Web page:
What is next on your writerly horizon?

I’m currently editing my first novel, all these things i never said. It’s a story about a religious girl who loses her faith in God and in her country after her sister passes away. As a young adult, Emmy looks back on her life—that of being a gifted daughter born to Bulgarian immigrants in the United States. From a young age, she has the ability to see the future—but not even that could prevent all the deaths in her family. Meanwhile in another realm, a golden statue of another young girl wakes up. Once Zoe realizes who she is and why she’s there, she has to embark on a perilous mission to save Emmy out of the labyrinth-like castle she’s created in her mind. In the real world, Emmy deals with the psychological trauma of losing loved ones too soon, and her inability to make the American Dream materialize. She turns inward—to the fantastical world she’s built for herself to hide from her grief. She’s guided by fantastical sidekicks who help her out of this prison she’s lost in. The world in her dreams, and in-between dreams, and she doesn’t know if she’ll make it out alive.


Book genre: poetry
published by Emmanuella Hristova

Book blurb: 
The Day My Kisses Tasted Like Disorder is a short collection of poems that explores a tumultuous year of love, heartbreak and unimaginable loss. It documents the birth and death of a relationship, and the death of my sister. Each poem is an emotional time-stamp that plunges the reader into the depths of my feelings as they burgeon and wane. The book reads like a diary and chronicles the boundaries of the things that we all feel: passion, heartache, and pain that gives way to hope.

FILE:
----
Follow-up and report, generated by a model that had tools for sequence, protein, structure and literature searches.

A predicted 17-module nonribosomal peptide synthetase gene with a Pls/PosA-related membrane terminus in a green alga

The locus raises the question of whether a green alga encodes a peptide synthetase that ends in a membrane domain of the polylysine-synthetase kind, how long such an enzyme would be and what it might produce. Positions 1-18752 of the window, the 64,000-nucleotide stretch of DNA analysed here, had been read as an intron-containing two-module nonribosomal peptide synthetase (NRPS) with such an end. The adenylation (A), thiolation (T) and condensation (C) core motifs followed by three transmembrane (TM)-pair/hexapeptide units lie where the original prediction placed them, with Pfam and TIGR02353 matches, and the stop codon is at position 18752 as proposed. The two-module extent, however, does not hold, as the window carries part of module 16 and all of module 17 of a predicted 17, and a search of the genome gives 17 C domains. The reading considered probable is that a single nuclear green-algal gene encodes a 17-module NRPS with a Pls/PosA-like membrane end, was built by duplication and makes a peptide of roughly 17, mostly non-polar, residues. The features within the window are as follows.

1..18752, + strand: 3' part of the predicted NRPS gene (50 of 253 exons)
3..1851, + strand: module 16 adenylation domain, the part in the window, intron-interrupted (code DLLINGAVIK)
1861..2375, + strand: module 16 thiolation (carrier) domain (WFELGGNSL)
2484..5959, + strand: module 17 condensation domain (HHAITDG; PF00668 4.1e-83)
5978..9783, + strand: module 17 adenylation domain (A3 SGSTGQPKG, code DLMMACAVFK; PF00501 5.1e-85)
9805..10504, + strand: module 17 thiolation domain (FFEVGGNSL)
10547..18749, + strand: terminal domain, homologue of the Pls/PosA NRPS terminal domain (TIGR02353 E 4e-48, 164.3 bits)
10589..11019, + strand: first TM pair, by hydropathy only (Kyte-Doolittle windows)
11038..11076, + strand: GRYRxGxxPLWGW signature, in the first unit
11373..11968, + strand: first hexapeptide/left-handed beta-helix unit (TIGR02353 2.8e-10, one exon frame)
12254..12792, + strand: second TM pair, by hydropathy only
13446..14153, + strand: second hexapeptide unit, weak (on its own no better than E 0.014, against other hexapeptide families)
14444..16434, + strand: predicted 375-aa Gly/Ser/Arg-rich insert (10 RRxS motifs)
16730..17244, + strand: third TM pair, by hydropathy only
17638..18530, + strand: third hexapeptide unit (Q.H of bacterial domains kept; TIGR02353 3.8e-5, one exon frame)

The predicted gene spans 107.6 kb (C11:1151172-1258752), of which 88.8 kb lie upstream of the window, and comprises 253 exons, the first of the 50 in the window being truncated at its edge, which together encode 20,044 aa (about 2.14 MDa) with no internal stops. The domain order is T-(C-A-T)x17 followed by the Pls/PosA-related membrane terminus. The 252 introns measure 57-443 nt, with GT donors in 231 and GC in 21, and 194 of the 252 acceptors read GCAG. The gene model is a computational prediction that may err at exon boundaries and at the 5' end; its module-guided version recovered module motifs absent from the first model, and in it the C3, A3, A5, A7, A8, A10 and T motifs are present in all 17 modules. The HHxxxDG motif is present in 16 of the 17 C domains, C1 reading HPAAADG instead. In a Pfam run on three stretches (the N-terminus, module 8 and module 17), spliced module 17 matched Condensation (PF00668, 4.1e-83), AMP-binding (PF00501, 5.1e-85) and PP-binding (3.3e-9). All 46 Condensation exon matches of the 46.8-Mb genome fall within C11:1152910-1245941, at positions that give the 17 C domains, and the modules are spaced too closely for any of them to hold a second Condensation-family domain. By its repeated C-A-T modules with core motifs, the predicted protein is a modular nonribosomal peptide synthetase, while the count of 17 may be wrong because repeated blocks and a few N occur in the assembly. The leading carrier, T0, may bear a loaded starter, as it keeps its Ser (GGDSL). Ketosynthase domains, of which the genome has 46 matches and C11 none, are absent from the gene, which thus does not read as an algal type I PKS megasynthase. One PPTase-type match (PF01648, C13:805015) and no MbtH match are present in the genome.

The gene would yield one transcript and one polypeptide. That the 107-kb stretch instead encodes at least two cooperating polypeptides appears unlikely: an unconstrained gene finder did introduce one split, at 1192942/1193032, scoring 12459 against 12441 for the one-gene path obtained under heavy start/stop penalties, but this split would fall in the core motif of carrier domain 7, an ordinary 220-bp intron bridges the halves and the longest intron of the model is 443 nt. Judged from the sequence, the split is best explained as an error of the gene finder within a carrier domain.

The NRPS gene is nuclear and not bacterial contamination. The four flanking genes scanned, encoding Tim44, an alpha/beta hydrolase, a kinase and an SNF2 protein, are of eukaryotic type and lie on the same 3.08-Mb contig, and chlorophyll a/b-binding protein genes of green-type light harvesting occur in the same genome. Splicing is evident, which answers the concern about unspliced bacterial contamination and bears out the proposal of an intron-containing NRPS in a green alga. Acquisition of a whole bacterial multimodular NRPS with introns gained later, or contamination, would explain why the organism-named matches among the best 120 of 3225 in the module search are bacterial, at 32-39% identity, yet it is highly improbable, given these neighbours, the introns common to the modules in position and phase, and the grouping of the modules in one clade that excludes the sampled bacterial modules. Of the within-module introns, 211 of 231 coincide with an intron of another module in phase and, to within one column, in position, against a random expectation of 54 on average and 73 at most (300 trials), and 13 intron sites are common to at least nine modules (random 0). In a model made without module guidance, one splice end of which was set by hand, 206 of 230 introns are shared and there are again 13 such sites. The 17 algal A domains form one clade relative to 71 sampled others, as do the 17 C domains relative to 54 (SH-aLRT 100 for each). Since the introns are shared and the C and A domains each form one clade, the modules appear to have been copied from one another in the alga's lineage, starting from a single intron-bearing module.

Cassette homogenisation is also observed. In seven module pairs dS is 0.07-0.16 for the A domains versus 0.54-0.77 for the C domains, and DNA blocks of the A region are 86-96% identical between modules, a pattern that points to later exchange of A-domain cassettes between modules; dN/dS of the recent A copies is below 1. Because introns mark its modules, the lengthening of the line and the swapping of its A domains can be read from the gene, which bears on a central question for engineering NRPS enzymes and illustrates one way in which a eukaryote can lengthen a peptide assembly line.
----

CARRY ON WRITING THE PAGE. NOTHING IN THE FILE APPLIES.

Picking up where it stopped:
Buy links: 

The preface.
When the end was the beginning, and
the beginning was the end.

For Dora; I wish you were here.

June 23rd
In the depth of
winter, the flowers do not
bloom, no fruits
appear, the leaves
fall off, and the tree looks
dead, but deep in the
darkness underneath,
the roots grow
and grow
and
grow.

The beginning.
I guess I should thank you,
because you turned me into a poet.

upon identifying the day
I knew I loved you
the moment I saw you
the second time I came to
visit you in The City and you
were wearing a cerulean button-down
that matched your eyes and you
had just shaved your beard and
I wanted to kiss you, but
not like a nervous first kiss or
a slobbery wet one; but rather,
the kind of peck lovers give to one another
after being together for years and
what they’re passing between their lips
is time.

September 21st
upon telling you
The air is cold on the rooftop,
running across my bare shoulders
as I tell you how I feel about you.
My arm presses against yours;
yours doesn’t move. I use it
for support. Our bodies pressed
against the cool, gritty concrete
of the wall that keeps us from falling to
our deaths down below.
Your eyes wax, deep and
limpid like
pools of ocean water
that I see into, staring back at me,
as if you’re
seeing me for the first time.
I see the fear in your face,